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Crime Prevention. Edition No. 8

  • ID: 2485110
  • Book
  • March 2013
  • 464 Pages
  • Elsevier Science and Technology
This book examines several types of crime prevention approaches and their goals, including those that are designed to prevent conditions that foster deviance, those directed toward persons or conditions with a high potential for deviance, and those for persons who have already committed crimes. This edition provides research and information on all aspects of crime prevention, including the physical environment and crime, neighborhood crime prevention, the mass media and crime prevention, crime displacement and diffusion, prediction, community policing, drugs, schools, and electronic monitoring and home confinement.

- A new chapter on developmental crime prevention focuses on the early life experiences that predispose individuals to commit deviant acts and using risk factors in predicting behavior for secondary prevention.
- New attention is brought to situational prevention, partnerships for crime prevention, the politics of prevention strategies, and organizing dysfunctional neighborhoods.
- All chapters now include updated tables that indicate the state of the evidence as well as key terms, learning objectives, web references, and a helpful glossary.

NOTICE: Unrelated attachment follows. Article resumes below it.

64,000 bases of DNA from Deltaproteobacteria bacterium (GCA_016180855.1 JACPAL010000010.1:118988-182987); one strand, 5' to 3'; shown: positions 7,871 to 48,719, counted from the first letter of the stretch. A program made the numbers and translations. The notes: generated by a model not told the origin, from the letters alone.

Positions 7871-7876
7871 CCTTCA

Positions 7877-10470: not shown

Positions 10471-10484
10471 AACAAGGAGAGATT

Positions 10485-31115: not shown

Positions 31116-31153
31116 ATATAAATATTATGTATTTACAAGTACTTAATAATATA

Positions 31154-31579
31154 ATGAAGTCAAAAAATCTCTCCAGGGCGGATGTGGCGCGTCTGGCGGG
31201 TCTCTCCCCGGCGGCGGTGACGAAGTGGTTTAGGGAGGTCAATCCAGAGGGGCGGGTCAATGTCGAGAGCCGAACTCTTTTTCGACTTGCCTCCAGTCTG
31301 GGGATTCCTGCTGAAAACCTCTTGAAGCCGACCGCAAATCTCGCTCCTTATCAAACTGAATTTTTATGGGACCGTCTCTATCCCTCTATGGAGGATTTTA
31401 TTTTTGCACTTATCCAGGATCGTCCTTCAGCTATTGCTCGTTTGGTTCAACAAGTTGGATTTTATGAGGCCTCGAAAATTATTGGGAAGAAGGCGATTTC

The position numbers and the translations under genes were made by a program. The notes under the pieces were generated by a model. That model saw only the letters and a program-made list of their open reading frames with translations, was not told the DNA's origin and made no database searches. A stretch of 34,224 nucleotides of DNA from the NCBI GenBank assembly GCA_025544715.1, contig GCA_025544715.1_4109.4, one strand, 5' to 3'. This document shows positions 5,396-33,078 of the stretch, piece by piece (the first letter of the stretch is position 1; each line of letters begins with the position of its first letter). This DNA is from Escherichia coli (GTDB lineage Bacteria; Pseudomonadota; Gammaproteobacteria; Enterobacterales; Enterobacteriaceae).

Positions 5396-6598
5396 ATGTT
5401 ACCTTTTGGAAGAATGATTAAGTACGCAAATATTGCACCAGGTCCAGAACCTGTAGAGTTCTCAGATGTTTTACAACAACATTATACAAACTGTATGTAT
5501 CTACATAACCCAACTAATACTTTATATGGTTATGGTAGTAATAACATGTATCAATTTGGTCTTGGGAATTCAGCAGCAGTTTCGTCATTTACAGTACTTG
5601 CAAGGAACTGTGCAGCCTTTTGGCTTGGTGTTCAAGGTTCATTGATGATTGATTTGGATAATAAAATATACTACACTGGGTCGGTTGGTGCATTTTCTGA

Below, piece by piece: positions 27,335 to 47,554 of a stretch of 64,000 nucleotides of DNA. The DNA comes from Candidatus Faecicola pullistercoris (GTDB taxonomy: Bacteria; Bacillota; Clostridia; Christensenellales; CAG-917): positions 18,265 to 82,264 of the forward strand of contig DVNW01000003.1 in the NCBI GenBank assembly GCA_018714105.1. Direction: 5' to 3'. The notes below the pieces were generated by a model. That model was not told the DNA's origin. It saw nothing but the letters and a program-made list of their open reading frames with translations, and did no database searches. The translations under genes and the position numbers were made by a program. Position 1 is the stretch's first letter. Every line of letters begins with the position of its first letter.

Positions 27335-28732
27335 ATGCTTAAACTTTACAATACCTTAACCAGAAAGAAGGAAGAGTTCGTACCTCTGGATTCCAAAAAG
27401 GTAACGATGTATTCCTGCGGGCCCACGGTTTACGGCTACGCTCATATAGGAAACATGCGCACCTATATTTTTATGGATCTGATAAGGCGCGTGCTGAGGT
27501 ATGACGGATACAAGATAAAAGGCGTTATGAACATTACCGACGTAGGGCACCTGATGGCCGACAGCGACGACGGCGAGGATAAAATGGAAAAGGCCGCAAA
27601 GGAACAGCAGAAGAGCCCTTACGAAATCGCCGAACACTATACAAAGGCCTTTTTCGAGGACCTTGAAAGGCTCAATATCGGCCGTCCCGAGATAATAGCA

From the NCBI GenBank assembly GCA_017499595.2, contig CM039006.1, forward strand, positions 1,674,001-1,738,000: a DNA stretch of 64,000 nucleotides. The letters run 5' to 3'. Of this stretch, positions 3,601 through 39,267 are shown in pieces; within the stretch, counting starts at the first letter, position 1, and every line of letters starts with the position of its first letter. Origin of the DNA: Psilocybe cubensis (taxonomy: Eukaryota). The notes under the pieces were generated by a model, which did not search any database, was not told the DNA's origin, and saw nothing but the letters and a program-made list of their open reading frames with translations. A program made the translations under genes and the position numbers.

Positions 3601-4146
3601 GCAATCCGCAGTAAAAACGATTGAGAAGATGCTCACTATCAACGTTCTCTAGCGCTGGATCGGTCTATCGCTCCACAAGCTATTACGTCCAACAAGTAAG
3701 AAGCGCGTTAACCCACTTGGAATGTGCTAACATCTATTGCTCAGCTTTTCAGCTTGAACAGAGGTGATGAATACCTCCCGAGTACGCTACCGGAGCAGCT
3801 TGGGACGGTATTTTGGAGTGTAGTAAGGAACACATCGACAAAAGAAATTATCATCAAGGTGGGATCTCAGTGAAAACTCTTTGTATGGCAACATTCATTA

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1. Crime and the Fear of Crime 2. Crime Prevention 3. Evaluation and Crime Prevention Section I: Primary Prevention 4. The Physical Environment and Crime 5. Neighborhood Crime Prevention 6. Displacement and Diffusion 7. The Mass Media and Crime Prevention 8. Developmental Prevention 9. General Deterrence Section II: Secondary Prevention 10. Prediction for Secondary Prevention 11. Situational Crime Prevention 12. Partnerships for Crime Prevention 13. Drugs, Crime, and Crime Prevention 14. The School and Crime Prevention Section III: Tertiary Prevention 15. Specific Deterrence and Incapacitation 16. Rehabilitation 17. Some Closing Thoughts on Crime Prevention and the Future
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Lab, Steven P.
Steven P. Lab is Professor and Director of the Criminal Justice Program and Chair of the Department of Human Services at Bowling Green State University. His research interests include victims of crime, crime prevention, juvenile delinquency, and school crime. Lab received his Ph.D. in Criminology from Florida State University in 1982. He has been a faculty member at Bowling Green since 1987. His primary research interests are in crime prevention and juvenile justice; he is the author of three textbooks and two edited works, and has published more than 30 articles on various topics.
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